The phenomenon whereby a variation in electrical potential along the length of a conductor is produced by a variation in temperature along its length.
The effect is typically observed when two thermoelectrically dissimilar conductors are joined, with the joined ends held at a different temperature from the opposite ends. This results in an electrical potential difference across the opposite ends. This potential difference provides the basis for measuring temperature in a thermocouple, and can also be used to generate electrical power.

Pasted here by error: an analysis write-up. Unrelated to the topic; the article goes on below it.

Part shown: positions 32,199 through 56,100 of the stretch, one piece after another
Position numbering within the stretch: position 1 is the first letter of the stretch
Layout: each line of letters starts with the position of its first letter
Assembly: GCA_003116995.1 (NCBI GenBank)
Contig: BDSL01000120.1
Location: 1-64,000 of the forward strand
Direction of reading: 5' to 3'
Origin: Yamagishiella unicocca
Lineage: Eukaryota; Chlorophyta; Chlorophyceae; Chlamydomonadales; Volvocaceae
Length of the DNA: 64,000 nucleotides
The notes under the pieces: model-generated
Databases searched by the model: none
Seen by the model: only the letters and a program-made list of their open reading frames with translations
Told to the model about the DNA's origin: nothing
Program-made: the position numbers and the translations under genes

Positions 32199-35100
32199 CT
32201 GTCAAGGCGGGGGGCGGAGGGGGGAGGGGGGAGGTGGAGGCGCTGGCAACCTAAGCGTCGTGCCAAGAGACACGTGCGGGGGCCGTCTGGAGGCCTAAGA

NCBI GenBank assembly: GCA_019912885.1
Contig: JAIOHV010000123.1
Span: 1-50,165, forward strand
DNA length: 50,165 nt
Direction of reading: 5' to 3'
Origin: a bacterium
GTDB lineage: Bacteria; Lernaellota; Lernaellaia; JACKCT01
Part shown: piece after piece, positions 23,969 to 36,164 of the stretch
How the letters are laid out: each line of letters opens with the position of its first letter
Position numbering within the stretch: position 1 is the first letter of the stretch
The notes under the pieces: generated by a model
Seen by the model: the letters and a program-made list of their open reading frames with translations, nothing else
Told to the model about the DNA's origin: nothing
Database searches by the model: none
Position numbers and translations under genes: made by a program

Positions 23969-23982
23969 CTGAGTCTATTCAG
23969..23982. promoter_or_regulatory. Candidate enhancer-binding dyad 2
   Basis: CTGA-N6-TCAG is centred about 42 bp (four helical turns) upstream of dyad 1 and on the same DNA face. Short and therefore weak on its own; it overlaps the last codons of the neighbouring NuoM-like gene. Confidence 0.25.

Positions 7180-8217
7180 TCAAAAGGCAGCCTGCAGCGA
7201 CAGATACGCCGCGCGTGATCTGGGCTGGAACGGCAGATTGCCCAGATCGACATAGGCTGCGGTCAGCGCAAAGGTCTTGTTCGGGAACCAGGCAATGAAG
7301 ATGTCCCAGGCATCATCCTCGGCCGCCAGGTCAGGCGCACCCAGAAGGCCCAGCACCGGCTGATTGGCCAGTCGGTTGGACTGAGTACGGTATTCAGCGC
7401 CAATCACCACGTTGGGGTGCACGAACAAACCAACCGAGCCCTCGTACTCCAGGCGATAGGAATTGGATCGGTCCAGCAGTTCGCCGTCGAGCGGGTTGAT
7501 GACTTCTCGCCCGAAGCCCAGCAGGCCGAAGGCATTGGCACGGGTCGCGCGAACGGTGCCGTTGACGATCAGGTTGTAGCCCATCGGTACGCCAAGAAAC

Late 19th century; earliest use found in Journal of the Chemical Society.